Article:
What we claim as our invention and desire to secure by Letters Patent is:

1. Sheet feeding apparatus comprising a high-speed conveyor, a low-speed conveyor arranged to receive sheets delivered in succession by the high-speed conveyor, a roller for pressing said sheets against the low-speed conveyor so as to compel the sheets to decelerate to the speed of said low-speed conveyor, a slide mounting for the roller permitting rectlinear movement of said roller towards and away from the low-speed conveyor, and drive means associated with said mounting, said drive means being arranged to urge said roller towards said low-speed conveyor during part of the time required for each sheet to pass said roller and to hold said roller away from said low-speed conveyor at other times.

2. Apparatus as claimed in claim 1 in which the mounting comprises a rectilinearly slidable member carrying the roller, and the drive means includes a cam operating directly upon said member.

3. Apparatus as claimed in claim 1, in which said drive means includes a pivoted cam follower engageable with the rectilinearly slidable member and a cam engageable with said cam follower.

4. Apparatus as claimed in claim 1, including further means for pressing the sheets against the low-speed conveyor independently of operation of the drive means and for simultaneously stopping said low-speed conveyor.

5. Apparatus as claimed in claim 4, including a gap detector associated with the high-speed conveyor and arranged to control operation of said further means.

6. Apparatus as claimed in claim 5, in which said further means includes a pneumatic actuator linked to the mounting for the roller.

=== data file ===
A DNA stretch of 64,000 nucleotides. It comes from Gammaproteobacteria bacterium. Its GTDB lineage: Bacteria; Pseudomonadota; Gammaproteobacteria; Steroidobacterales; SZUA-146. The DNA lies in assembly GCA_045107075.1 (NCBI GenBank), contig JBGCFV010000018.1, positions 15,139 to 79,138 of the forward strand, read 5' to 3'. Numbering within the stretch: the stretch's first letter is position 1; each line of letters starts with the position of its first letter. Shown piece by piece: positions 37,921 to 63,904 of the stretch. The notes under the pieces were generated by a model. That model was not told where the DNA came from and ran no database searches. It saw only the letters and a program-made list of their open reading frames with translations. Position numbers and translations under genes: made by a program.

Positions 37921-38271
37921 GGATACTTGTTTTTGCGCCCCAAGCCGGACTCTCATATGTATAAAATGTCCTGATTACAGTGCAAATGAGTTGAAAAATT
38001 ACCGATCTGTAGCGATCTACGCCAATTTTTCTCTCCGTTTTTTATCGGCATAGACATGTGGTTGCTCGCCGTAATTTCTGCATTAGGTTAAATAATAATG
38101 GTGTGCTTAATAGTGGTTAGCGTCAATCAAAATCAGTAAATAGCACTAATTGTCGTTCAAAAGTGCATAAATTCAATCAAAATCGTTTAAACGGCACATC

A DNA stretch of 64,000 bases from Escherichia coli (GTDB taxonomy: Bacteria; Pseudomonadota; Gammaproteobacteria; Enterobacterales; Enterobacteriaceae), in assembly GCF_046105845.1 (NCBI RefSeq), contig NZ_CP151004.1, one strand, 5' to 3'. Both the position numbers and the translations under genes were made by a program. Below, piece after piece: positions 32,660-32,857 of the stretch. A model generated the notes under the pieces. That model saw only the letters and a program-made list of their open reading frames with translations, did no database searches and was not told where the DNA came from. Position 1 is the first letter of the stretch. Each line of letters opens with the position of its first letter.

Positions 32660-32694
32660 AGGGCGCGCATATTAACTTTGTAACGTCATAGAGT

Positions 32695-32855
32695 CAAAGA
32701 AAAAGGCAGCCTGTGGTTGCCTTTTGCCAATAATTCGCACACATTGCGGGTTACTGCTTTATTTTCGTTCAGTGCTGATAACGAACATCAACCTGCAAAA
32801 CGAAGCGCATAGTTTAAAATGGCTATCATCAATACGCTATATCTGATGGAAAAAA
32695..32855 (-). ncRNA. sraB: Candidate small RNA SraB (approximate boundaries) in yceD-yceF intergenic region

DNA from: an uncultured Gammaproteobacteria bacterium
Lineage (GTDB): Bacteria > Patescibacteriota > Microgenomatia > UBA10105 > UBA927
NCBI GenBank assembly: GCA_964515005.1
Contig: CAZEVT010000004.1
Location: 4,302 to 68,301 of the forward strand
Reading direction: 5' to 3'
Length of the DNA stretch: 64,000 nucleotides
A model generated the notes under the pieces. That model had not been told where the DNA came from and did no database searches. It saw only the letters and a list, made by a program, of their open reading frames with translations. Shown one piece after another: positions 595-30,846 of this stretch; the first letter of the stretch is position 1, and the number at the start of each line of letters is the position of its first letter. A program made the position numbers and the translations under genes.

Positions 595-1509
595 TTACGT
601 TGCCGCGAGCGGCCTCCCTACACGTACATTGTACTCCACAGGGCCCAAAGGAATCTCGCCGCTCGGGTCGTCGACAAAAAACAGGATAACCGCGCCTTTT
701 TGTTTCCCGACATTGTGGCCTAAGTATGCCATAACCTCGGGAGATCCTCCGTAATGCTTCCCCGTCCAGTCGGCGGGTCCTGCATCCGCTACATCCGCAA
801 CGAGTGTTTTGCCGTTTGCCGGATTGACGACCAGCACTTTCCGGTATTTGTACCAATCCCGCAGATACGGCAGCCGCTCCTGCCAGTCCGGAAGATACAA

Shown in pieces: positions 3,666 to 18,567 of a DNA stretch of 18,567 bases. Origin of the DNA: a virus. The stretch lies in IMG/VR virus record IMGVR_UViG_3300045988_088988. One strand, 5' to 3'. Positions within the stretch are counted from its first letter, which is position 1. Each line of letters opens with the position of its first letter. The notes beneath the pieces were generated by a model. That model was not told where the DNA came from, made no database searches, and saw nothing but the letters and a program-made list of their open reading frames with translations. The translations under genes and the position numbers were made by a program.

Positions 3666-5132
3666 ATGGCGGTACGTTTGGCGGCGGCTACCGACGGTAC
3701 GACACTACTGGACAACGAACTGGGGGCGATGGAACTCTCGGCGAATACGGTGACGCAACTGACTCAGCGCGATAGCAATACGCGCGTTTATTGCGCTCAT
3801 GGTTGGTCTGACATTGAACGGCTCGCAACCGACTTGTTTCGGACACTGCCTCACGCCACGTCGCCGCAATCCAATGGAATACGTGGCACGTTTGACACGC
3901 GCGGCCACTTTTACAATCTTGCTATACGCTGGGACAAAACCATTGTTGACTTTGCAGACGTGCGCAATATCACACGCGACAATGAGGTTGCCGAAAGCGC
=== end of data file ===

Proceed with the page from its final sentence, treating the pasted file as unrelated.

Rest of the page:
7. Apparatus as claimed in claim 5, in which said further means includes a pneumatic actuator, and a separate roller operated by said pneumatic actuator.

8. Apparatus as claimed in claim 5, in which said further means includes a pneumatic actuator and said drive means includes a cam and a cam follower associated with said cam, said actuator being arranged to function as a pneumatically-biased lost-motion connection between said cam follower and the roller.

References Cited UNITED STATES PATENTS 567,264 9/ 1896 Child 27l46 985,014 2/1911 Dexter 27l46 1,142,786 6/1915 Kneppler 27l46 3,034,780 5/1962 Stelling 27 l-46 X 3,315,956 4/1967 Lyman 27 I46 FOREIGN PATENTS 1,243,966 6/1967 Germany.

EDWARD A. SROKA, Primary Examiner U.S. Cl. X.R. 27l-76

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U.S. Classification271/182, 271/202
International ClassificationB65H29/68
Cooperative ClassificationB65H29/6618, B65H2404/1441, B65H29/68, B65H2404/1532
European ClassificationB65H29/66A2, B65H29/68